Strange world we live in.

I have deleted the remaining four items that were still listed at Zazzle, and have requested my account be deleted as well.

Funny also, on the Chihuly wikipedia page:

In 2006, Chihuly filed a lawsuit against a pair of glassblowers, including Robert Kaindl, whom he accused of copying his work. Chihuly was unsuccessful: the glass blower federation argued that Chihuly’s designs feature basic shapes; therefore any novice would be able to create the spiral glass which is featured in many of Chihuly’s composition

Looking at the simple vase floating in a pond – how could you copyright something as mundane?

  1. somewhere around 2003 []
  2. of course, I haven’t added any new items there in six years either – my initial experience was pretty shitty to tell the truth. The shirts were poor quality and the prints faded within a few wash cycles. I recall the entire “creation” process being incredibly awkward and cumbersome – the tools were poorly engineered and clunky. They might have improved since 2003, or maybe not []
  3. can’t tell for sure because the image had already been deleted and long ago that Google cache no longer had a copy []
  4. my Photoshop skills not that polished at this time. Ahem. []

Yes We Cannabis

Remember that photo of Obama that looked like he was maybe smoking a joint? You know, this photo

of a jaunty, young Barack Obama? (Published as part of a Time Magazine photo essay after the 2008 election)

Well the National Organization for the Reform of Marijuana Laws has appropriated the photo, without permission of the photographer, and made an amusing poster.

The folks at the National Organization for the Reform of Marijuana Laws got there first. For their annual conference poster, they took an old photo of cool-dude college freshman Obama puffing away — on a regular cigarette, mind you — and tweaked it just ever so slightly to fit their message: “Yes We Cannabis.”

Think it might be a problem for the president (who opposes legalization)? It’s really a problem for the photographer. Lisa Jack, an Obama classmate at Occidental College, snapped the image in 1980, one in a series of photos that never saw the light of day until she debuted them in Time’s 2008 Person of the Year issue. She had no idea her photo had been appropriated by NORML until we told her Tuesday.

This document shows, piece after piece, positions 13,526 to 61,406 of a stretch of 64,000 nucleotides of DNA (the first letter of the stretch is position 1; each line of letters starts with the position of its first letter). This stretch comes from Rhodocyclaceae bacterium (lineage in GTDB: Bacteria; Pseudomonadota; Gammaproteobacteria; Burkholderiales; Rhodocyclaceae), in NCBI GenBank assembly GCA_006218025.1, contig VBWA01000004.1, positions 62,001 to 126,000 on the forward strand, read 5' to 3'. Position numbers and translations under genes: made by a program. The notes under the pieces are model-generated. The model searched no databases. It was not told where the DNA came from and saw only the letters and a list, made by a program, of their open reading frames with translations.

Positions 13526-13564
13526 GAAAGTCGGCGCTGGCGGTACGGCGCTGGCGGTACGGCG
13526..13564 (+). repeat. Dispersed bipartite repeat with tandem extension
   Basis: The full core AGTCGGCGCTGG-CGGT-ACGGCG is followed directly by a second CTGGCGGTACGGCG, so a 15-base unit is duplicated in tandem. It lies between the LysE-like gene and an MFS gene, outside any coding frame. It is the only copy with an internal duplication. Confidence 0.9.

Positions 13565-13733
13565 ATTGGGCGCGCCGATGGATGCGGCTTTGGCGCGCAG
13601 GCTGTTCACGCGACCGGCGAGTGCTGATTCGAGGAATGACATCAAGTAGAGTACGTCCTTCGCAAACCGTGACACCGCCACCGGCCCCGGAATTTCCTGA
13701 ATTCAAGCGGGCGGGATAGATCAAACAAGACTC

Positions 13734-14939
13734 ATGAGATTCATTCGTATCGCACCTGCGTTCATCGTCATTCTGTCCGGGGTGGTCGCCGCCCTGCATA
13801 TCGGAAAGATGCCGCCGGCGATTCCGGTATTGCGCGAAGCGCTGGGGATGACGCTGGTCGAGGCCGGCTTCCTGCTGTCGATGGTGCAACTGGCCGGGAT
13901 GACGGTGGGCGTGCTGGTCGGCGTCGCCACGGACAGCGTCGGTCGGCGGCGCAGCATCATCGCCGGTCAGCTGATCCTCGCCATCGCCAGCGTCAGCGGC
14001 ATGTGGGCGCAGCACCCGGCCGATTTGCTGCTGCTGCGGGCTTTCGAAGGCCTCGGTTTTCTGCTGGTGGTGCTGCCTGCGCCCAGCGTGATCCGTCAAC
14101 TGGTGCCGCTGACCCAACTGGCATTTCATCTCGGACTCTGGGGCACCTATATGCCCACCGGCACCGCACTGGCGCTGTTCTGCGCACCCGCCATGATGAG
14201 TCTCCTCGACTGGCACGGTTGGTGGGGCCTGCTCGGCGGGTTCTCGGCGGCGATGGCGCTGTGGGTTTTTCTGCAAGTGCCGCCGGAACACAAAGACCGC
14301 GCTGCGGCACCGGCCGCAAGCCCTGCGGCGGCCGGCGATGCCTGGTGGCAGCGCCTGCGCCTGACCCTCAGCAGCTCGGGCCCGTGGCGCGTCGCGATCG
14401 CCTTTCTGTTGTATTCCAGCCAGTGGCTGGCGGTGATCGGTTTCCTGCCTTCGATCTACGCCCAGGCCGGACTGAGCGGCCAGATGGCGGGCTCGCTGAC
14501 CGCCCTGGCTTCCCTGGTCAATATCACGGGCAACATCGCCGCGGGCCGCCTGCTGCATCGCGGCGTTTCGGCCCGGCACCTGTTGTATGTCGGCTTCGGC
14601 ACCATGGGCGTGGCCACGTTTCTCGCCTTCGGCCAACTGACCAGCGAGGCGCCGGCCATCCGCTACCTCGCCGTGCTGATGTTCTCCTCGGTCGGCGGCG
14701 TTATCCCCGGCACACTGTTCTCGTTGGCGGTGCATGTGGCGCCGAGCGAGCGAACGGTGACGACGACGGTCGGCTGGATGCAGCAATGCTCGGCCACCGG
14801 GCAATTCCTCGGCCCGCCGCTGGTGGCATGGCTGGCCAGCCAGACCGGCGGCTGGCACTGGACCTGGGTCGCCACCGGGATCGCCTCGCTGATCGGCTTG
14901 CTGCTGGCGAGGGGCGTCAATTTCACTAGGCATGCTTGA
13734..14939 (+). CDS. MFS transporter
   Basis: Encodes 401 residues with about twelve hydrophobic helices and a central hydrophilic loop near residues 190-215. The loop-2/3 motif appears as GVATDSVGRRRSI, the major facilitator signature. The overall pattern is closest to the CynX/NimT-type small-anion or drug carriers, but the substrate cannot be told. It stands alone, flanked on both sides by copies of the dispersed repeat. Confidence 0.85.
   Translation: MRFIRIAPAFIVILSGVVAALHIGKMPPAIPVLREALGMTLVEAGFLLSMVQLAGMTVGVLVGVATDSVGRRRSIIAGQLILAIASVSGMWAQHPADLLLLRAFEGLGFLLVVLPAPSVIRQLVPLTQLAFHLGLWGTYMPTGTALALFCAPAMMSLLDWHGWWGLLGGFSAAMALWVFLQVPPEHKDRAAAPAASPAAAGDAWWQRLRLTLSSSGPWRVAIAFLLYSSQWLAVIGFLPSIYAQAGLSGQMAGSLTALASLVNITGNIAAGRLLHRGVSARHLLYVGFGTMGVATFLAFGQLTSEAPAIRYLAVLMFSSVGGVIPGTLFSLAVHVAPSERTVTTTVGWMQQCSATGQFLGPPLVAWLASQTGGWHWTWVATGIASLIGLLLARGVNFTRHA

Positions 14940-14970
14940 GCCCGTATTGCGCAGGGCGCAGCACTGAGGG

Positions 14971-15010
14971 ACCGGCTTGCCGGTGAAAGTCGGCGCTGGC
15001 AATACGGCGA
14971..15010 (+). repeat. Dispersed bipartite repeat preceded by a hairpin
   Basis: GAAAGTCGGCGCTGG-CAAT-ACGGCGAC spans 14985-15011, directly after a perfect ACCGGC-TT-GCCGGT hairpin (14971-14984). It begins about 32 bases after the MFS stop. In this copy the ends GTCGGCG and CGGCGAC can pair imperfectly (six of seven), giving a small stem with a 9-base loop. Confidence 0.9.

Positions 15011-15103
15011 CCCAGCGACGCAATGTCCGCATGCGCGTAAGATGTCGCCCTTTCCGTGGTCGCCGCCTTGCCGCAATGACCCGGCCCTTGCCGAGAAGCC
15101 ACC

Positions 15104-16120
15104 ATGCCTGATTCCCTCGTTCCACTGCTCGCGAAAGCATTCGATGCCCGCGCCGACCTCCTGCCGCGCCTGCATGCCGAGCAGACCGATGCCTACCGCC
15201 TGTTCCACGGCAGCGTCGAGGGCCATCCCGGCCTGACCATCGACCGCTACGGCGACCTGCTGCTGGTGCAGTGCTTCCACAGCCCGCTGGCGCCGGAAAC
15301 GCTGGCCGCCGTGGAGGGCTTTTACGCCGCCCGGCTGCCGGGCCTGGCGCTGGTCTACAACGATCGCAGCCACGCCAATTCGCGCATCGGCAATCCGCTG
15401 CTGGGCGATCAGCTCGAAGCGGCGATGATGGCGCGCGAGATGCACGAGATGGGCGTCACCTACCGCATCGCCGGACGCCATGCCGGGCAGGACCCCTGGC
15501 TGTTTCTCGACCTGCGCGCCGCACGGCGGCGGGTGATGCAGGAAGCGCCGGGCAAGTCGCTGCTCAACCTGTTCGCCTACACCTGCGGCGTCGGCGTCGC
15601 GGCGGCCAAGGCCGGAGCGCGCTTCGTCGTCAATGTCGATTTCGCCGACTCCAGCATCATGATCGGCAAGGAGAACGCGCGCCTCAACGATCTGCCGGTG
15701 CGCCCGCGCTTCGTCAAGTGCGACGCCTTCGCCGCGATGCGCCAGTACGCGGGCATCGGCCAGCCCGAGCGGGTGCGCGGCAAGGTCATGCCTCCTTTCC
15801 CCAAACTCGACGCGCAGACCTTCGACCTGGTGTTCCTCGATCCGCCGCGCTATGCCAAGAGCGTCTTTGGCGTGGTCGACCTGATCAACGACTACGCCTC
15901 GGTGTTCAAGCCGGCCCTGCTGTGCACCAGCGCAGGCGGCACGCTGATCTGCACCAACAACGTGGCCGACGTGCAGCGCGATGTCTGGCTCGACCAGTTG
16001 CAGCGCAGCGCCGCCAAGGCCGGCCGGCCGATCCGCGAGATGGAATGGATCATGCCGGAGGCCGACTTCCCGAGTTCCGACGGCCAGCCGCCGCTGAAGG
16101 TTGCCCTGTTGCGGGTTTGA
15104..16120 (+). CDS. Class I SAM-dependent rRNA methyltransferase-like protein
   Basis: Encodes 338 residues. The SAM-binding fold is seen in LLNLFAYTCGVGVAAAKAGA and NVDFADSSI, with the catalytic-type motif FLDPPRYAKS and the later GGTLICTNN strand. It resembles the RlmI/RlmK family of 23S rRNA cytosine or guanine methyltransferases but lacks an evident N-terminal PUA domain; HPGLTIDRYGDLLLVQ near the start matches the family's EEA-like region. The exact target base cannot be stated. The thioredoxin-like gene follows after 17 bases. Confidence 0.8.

“They do not have my permission,” said Jack, a psychology professor in Minnesota. These photos “are absolutely not to be used in this way. … I really made a grand effort to do this properly, and I’m very irritated. If I’d wanted these to be used for political purposes, I’d have sold them to Hillary years ago.”

NORML Executive Director Allen St. Pierre cheerfully acknowledged the lift by artist Sonia Sanchez, who summoned the psychedelic aesthetic of ’60s rock posters. “With very little adulteration, she placed what appears to be a cannabis cigarette” in the president’s hand, St. Pierre said. But she made few other changes: Obama “almost made the photograph for us.”

Everyone who attends the September conference in San Francisco will get a poster; NORML is also selling them on the Web ($25 for an 18-by-24-inch with St. Pierre’s autograph, $15 without). Can they do that? St. Pierre admits they didn’t get permission, but “our lawyers thought it was adulterated enough to comply with the fair use laws.”

[Click to continue reading Reliable Source – Furor Over an Obama Puff Piece ]

So is this kind of parody of a public figure that US copyright law allows? It isn’t quite as clear cut at the famous Larry Flynt -Hustler Magazine lawsuit with Jerry Falwell, but seeing as President Obama is on record as being against cannabis legalization, perhaps it is.

Nancy Reagan - Just Say Yo

The Wall Street Journal Law blog wonders:

But is it “adulterated enough to comply with the fair use laws?” The standard, a copyright lawyer tells us, is whether there was a “transformative use.” And that doesn’t necessarily mean the image has to be transformed — an image can remain exactly the same and satisfy fair use if the picture is framed in a way that sends a message. In other words, its “use” is transformed. “For example, a Nancy Reagan picture on the poster would send a parodic message,” he says. “This one is a closer call.”